Now, a devious company can perhaps get away with losing investors' cash in a buyout bankruptcy once, but if they do it again, they're not going to stay in business. Especially when it's public that they somehow squeezed $240 million out of the deal for themselves. But what I noticed was the strangely-inserted aside about some companies being successful and others not. Sounded like the same speechwriter who penned Randy Johnson's "some companies win, some companies lose" line.

Then the qualifier popped up again. The third victim of "Mitt Romney and his partners," David Foster, a worker at Kansas City's GST Steel, told his tale of woe, in which "promises" by Romney and Bain Capital to plant workers were dashed when they borrowed money against the mill "to pay themselves millions," ultimately forcing the company into bankruptcy.

"Now, some companies succeed; others fail. I know that," echoed Mr. Foster. And then the zinger: "But I also know this: We don't need a president who fires steelworkers or says 'Let Detroit Go Bankrupt.'" The Washington Post fact-checker blog, by the way, found that Romney never used that term, though in a 2008 editorial suggested the way for auto-makers to beat their financial crisis was through a "managed bankruptcy" from which they'd emerge leaner and more efficient. The Post added that GM and Chrysler did, in fact, go through managed bankruptcies in order to survive.

But, we quibble. Everyone knows that some companies are successful, and others not. And that some companies win and some companies lose. Everyone agrees that some companies succeed and others fail. And some speeches just make me cringe (and others make me wince).

Please, turn off the radio! I've had enough Mitt-bashing and want to hear some new ways our future leader will create jobs and get rid of the debt and deficit. I don't begrudge households earning more than $250K the tax cuts everybody else is getting. I just want to know the innovative, concrete steps that will take our country out of this financial mess. I heard Mitt give five steps, in his speech to the Republicans. Now, Mr. President, it's your turn.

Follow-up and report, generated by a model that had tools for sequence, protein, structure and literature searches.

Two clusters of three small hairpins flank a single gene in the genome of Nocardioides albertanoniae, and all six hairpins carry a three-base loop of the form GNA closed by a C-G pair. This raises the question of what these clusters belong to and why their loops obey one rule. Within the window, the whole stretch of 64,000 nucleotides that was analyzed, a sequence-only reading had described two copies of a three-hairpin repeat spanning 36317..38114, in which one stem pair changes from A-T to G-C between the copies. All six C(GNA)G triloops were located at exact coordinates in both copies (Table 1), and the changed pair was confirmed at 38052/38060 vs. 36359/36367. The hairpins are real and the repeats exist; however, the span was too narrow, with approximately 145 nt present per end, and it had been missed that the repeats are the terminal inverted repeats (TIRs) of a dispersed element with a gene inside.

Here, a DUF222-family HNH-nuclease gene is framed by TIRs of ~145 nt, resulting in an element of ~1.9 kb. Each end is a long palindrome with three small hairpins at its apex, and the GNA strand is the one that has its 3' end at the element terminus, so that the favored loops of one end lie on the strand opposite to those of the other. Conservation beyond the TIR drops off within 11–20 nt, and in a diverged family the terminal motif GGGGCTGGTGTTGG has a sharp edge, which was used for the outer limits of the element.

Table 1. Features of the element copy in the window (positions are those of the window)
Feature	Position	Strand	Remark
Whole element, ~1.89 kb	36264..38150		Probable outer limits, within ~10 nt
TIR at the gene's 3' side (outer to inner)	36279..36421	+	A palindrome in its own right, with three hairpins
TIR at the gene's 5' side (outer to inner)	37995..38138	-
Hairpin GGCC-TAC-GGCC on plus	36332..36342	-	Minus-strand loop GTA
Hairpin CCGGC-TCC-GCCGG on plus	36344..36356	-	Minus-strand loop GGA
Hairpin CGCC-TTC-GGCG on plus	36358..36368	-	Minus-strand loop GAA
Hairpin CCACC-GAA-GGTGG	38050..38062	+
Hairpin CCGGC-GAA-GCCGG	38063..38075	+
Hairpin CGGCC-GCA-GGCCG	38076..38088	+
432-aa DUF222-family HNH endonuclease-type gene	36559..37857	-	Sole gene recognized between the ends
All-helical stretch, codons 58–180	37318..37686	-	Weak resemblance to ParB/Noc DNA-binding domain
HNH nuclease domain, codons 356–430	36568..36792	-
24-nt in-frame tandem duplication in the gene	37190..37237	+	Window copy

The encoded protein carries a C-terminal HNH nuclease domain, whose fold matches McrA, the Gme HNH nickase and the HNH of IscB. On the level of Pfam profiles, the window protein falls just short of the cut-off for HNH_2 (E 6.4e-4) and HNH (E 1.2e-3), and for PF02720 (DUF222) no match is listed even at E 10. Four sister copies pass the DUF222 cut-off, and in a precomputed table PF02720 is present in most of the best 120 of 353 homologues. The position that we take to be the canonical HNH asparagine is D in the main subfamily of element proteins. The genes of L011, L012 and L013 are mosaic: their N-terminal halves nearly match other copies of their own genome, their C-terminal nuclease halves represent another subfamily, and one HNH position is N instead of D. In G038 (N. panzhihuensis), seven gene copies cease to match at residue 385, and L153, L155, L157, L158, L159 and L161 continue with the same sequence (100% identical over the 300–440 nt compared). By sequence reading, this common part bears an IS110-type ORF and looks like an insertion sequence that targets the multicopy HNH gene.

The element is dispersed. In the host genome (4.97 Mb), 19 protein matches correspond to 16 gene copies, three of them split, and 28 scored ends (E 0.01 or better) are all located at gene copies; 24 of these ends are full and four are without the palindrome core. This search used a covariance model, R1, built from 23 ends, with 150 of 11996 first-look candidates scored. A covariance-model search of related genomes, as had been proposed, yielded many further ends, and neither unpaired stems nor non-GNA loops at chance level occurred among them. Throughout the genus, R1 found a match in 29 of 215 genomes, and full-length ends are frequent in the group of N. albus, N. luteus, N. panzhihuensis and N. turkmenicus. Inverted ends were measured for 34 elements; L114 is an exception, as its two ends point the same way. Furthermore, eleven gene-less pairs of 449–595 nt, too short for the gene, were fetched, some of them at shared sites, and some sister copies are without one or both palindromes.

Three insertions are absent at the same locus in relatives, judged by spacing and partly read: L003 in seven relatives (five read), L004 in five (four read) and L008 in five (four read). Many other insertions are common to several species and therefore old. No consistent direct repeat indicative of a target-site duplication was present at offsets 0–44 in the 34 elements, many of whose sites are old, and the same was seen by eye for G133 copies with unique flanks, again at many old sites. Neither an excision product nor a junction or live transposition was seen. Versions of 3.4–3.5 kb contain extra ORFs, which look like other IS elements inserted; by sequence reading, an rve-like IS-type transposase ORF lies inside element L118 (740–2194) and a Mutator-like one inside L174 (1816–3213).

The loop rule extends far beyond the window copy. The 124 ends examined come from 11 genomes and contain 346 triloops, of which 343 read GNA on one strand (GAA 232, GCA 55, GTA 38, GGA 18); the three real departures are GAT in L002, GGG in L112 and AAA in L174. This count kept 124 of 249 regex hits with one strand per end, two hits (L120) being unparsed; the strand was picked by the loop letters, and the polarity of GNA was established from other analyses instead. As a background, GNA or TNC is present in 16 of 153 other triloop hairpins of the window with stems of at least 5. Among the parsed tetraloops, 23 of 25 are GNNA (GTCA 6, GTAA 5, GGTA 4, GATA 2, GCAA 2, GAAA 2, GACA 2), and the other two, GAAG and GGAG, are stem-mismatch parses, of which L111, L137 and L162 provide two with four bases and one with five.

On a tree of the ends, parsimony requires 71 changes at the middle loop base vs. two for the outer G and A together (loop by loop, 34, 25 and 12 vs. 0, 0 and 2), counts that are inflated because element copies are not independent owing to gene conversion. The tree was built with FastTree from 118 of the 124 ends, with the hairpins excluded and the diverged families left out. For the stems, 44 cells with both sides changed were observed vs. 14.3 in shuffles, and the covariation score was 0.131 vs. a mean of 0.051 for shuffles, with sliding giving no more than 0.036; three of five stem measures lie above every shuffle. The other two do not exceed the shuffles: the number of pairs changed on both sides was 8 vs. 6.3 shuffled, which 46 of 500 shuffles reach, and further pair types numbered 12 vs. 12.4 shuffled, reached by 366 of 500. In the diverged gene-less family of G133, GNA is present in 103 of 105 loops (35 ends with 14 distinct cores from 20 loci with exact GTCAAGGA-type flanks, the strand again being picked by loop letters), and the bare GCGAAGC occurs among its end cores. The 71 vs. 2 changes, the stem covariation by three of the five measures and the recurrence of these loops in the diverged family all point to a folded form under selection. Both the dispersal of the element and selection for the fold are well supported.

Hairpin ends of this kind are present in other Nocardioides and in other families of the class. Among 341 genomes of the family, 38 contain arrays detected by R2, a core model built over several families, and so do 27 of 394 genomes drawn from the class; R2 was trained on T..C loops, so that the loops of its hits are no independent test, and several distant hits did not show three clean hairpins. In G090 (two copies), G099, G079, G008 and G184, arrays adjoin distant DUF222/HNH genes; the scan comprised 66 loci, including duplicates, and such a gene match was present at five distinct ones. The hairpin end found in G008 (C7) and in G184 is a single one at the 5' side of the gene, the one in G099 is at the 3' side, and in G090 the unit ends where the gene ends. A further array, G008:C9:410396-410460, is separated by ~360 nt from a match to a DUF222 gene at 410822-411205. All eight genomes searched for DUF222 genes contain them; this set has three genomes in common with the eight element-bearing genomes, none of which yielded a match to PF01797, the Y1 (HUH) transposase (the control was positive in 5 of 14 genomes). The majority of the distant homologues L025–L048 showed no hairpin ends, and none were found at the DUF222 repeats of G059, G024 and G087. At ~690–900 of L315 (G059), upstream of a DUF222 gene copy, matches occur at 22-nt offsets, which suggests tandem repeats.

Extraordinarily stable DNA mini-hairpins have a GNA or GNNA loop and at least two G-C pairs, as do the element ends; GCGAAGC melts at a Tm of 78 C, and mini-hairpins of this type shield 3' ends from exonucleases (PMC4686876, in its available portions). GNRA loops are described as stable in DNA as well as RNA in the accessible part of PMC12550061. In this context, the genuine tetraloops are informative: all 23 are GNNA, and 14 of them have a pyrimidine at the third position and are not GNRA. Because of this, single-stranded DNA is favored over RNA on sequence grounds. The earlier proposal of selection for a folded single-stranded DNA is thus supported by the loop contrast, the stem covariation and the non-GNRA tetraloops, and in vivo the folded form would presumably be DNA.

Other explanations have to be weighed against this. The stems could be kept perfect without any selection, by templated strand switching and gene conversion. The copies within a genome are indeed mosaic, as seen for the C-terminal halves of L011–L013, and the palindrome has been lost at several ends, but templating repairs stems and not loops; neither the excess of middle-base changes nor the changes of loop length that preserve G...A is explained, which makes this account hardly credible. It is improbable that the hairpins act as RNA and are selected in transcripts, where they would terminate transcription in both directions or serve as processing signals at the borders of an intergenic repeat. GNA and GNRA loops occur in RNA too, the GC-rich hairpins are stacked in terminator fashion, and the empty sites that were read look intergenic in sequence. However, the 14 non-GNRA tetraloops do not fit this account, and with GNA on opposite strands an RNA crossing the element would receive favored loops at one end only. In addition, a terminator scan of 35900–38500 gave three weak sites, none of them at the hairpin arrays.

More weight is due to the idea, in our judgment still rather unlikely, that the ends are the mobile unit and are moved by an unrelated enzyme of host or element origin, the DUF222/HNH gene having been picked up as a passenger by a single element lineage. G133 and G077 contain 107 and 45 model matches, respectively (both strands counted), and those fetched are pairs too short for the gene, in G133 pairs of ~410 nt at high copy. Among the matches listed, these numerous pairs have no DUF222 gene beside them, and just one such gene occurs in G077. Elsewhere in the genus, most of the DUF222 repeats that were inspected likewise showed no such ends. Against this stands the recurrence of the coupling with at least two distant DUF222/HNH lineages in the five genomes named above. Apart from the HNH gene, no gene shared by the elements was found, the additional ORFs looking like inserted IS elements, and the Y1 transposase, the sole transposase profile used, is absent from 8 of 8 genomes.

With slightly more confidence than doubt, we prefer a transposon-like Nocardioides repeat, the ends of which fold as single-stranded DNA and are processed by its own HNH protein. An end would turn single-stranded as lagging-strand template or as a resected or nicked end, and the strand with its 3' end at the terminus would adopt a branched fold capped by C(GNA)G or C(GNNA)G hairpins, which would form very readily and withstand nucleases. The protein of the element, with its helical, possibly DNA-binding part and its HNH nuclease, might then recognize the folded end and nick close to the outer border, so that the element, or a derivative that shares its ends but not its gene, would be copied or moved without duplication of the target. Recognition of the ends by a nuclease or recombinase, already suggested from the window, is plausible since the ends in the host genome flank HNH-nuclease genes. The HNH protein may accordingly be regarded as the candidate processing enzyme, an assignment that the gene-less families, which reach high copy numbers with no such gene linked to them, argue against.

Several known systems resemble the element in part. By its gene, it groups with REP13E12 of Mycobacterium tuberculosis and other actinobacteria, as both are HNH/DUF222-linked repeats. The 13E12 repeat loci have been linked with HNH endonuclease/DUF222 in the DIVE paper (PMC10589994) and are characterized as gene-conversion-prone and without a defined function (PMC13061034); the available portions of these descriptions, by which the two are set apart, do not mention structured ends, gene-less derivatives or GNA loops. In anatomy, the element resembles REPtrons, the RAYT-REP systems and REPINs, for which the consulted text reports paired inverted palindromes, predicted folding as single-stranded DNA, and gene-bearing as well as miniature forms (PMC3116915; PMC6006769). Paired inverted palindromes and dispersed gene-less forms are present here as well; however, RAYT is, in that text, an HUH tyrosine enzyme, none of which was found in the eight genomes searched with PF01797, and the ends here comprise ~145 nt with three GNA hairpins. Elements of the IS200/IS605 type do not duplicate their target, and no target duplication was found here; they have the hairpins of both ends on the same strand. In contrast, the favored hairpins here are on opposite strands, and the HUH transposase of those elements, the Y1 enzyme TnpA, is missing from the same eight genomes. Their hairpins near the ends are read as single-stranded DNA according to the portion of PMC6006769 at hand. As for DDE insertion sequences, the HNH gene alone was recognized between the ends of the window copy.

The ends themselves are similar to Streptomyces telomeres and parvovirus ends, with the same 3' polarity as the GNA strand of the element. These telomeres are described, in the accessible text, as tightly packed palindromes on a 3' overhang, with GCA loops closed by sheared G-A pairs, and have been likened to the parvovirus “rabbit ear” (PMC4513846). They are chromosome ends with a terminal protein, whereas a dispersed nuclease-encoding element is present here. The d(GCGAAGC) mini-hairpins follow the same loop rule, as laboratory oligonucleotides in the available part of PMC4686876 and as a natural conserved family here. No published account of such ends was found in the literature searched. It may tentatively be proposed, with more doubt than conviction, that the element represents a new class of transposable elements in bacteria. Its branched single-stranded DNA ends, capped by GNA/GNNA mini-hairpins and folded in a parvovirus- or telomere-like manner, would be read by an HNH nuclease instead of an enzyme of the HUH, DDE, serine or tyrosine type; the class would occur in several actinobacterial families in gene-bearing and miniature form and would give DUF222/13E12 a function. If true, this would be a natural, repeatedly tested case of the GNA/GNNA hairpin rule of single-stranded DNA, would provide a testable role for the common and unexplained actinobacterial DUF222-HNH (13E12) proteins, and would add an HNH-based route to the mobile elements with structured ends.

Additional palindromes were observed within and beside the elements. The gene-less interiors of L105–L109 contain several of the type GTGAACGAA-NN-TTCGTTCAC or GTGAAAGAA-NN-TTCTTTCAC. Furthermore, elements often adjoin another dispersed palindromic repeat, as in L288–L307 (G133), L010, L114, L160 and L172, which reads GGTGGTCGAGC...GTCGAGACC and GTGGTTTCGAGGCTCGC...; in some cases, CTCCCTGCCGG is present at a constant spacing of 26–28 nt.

Sunday, September 2, 2012

Make My Day: Republicans Ecstatic at Convention Finale

Clint Eastwood talks to the empty chair at the RNC
I'm sick of reading all the left-leaning press' k'vetches about Clint Eastwood's surprise performance on the last night of the Republican National Convention in Tampa. I was there, and can vouch for the universally-delighted reception of the Harry Callahan-appreciative audience, and the pumped-up kicks generated by presidential nominee Mitt Romney.

Eastwood was billed as the "mystery guest" for the RNC's last evening, though really the unidentified participant was the occupant of an empty chair placed next to Clint's podium, standing--er, sitting-- in for President Obama.  Eastwood then carried on a natural-sounding one-sided interview, in which Clint raised amused eyebrows by responding to the chair, "What's that? No, I couldn't do that to myself..."  Later in the talk he paused and asked, "What do you want me to tell Mitt Romney?" A beat. "No, I can't tell him that! I can't tell him to do that to himself!  You're absolutely crazy. You're getting as bad as Biden!"  The crowd went wild. He added, "Of course, we all know Biden is the intellect of the Democratic party. Not much more than a grin with a body behind it." The cheers continued.